The benefits that are being offered include a private member’s room, exclusive events, collectibles, no queues and pre-booking nuisance in favor of “pop-in” visits/free entrance. The researchers have therefore identified 6 main leading “themes” in Tate involvement with its members (ibid. ): 1 . Centrality and pleasure: make the visit enjoyable, engage returnees across the years, creation of an emotional construct and a sense of nostalgia (Tate Britain). 2. Desire to learn: lead the customer through a learning experience 3.
Escapism, spiritualism and creativities: Tate as a place where people can escape daily routine, creating stimuli, inspire and “fulfill creative and spiritual needs” 4. Sense of belonging and prestige: customers feel like they belong to a cultural group with a sense of community and pride. 5. Physical: Tate as a multi-layered, iconic, sensory and visual experience, based also on architectural and design assets. In Particular: Tate Britain 0 Quiet, coos, intimate; Tate Modern 0 Fun and exciting. 6. Drivers of Involvement: reminders of temporary art exhibitions and events.
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II. The Marketing Mix and the importance of business A Product and Physical Evidence “Products are the objects that consumers want or need. From the point of view of museum visitors, these include exhibitions, programs and facilities” (Kettle et al. , 2008, p. 28). Accordingly, the product is divided in three levels: the core product, the actual product and the augmented product. In Taste’s case, the core product will represent what the visitor expects, his needs and also the benefits he can get from the museum (education, recreation, etc. ).
The actual product is all the tangible elements that characterize the museums (architecture, restaurants, shops, exhibitions, etc). The augmented product gathers the elements that are proposed as addition to the museum’s experience (membership, special visits). The chart below summarizes the product’s offers in the four museums: Core Product Actual Product Augmented Product Tate Britain Education/ Recreation It displays the collection of British art from 1500 to the present day. Temporary exhibitions Texts about the works on display Captions on each work, also readable online Events Talks, lectures, gallery tours, symposia, workshops Tate boat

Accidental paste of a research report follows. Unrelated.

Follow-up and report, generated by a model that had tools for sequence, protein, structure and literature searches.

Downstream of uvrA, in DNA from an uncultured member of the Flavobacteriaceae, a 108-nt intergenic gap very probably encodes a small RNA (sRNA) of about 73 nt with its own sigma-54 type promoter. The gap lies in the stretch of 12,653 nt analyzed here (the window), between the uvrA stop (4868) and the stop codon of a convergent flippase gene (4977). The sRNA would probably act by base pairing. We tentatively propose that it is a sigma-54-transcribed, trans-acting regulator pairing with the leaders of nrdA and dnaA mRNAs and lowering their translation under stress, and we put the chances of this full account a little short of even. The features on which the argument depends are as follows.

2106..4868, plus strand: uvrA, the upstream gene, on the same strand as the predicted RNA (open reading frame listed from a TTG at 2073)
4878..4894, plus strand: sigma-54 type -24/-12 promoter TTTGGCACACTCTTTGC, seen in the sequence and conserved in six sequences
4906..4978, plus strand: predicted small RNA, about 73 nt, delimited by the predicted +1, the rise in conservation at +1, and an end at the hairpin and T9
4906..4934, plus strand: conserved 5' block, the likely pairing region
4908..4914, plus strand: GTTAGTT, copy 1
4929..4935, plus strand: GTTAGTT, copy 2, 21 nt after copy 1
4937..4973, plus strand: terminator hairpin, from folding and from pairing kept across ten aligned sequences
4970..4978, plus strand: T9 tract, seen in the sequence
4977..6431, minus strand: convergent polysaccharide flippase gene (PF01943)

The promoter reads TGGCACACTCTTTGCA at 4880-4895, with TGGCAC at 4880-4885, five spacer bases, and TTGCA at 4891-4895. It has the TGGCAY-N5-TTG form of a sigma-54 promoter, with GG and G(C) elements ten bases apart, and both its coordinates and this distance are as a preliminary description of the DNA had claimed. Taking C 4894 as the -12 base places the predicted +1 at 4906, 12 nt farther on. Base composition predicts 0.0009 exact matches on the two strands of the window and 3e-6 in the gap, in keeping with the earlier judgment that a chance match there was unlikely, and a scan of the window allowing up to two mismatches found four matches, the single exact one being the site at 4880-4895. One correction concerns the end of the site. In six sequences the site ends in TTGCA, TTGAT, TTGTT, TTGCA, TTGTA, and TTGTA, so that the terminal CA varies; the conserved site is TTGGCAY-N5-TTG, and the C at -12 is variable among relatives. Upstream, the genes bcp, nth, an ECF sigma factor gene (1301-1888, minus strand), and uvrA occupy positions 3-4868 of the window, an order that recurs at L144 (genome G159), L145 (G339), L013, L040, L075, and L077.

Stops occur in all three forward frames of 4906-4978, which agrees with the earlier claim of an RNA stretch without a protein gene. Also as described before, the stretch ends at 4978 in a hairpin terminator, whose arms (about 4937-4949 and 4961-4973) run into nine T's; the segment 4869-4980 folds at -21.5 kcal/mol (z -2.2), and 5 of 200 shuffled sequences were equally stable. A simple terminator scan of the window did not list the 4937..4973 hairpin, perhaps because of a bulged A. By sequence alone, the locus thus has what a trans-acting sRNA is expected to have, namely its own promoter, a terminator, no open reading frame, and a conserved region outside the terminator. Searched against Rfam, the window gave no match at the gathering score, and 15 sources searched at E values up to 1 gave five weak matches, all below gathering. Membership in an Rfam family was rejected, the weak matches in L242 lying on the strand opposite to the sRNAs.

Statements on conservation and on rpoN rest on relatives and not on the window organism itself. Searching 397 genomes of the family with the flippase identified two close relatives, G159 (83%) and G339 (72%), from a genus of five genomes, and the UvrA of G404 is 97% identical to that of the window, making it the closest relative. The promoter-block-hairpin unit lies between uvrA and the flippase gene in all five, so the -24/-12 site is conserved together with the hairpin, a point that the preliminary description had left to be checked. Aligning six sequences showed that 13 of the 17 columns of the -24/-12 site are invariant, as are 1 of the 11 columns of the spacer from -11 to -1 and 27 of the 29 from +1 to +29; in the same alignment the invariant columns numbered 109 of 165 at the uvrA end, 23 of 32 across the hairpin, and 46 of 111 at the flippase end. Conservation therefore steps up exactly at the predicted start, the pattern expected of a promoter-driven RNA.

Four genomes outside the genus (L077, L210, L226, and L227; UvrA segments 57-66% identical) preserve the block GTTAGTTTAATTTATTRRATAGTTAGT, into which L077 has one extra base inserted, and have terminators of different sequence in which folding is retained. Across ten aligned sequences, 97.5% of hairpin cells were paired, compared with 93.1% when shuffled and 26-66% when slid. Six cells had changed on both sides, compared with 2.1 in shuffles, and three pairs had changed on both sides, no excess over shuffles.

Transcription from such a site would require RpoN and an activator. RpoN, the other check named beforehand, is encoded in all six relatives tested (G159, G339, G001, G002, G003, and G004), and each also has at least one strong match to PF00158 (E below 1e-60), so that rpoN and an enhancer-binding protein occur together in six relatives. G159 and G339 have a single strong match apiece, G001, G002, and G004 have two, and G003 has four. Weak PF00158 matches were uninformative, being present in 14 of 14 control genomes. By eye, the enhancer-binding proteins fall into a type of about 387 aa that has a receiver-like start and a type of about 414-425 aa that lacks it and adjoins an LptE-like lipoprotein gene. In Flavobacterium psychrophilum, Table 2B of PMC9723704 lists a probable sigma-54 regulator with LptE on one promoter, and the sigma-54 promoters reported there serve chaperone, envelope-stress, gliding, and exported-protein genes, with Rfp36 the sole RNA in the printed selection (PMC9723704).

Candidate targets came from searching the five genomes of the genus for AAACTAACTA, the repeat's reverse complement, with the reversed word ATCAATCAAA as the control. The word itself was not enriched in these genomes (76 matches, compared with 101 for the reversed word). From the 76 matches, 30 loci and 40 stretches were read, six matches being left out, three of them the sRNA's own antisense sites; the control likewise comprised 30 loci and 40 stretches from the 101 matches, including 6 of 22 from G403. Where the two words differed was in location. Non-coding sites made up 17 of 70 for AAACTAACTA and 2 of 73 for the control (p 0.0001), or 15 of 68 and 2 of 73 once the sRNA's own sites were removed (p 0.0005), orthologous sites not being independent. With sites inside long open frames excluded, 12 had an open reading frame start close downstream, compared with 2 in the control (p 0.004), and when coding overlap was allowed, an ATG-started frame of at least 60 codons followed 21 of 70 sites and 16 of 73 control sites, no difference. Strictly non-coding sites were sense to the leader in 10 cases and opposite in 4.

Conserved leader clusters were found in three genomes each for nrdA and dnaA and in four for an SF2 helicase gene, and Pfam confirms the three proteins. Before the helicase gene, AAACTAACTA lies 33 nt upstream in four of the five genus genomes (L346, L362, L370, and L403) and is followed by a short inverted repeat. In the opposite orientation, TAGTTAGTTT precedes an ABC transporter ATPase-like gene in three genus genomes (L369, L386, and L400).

Facilities: Toilets, Baby changing facilities, Lifts, Cloakroom, Seats, Telephones, Water fountains Access: Braille, hearing loops, visual descriptions, large print captions Two shops , two restaurants: Tate Britain Cafe??, Rexes Whistler Restaurant Special building, nineteenth century Membership for EYE a year: special rooms, magazines, free access to exhibitions, special symposia, special offers: discounts on hotels and food, free champagne for Valentine’s day Tate Modern It houses the Taste’s collection of British and International Modern and Contemporary Art from 1900 to the present day Temporary exhibitions
Audio guides, Multimedia guides fountains, reading spaces, Video spaces, bookshelves Access: Braille, hearing loops, visual descriptions, large print captions Three shops, three restaurants: Tate Modern Restaurant, Espresso Bar, Cafe?? 2 Building: bank side, power station Valentine’s day Tate Liverpool The same purpose as Tate Modern but on a smaller scale Temporary exhibitions Learning Team, educational activities, sustainable activities, special welcome (awards: charter mark) Audio guides Captions on each work Facilities: Toilets, Baby changing facilities, Lifts, Cloakroom, Seats Access: Braille, Cafe??
Special building in Albert Dock special symposia, special offers: discounts on food, hotels Tate SST Ivies It displays Modern and Contemporary Art by artists who have connections with the area Temporary exhibitions Walkabout, Outtalk Games for families Afternoon seminar Audio guides Course, Workshops Film and music performances Late visits Artists residency hearing loops, visual descriptions, large print captions Tate SST Ivies Cafe??, one shop Building: gasworks on the northern edge of the ‘download’ district of SST Ivies Membership for EYE a year: special room, magazines, free access to exhibitions, facial symposia, special offers: discounts on food, hotels, free of charges for Members Not only the Taste’s products are numerous and change from a museum to another with different collections, but also they change from time to time for their temporary exhibitions which help to reinvent the museum’s offers and generate repeat visitors.
For museums, it is possible to consider the physical evidence as part of the actual product which creates value for visitors. Each attraction must improve its appeal to increase the consumer perceived-value and that can create experience o visitors (Otto and Ritchie, 1996). Indeed, the Taste’s experience can satisfy the five senses. For instance, In Tate Modern they offered headphones so that visitors could listen to the tracks and look at the work at the same time (musicians made the tracks especially for the works in Tate Modern) (Mad, 2007). Tate developed an important strategy to improve its physical evidence and played on this theme to differentiate the repeat visitors’ experience. See the following examples) The serviceable is well developed (physical facilities and tangible communication vices like posters etc. ) The attractions’ atmosphere: colors in accordance to the exhibitions’ theme, stickers on walls, light, music Signs to indicate things to do or see They are working as much as they can with local food providers They propose different films and activities They welcome concerts, movies, etc. The importance of Internet and new technologies adds value to the Taste’s products and Tate develops Tate Online as a part of its product strategy to reach a wider audience. Indeed, the website provides information for teachers, students or visitors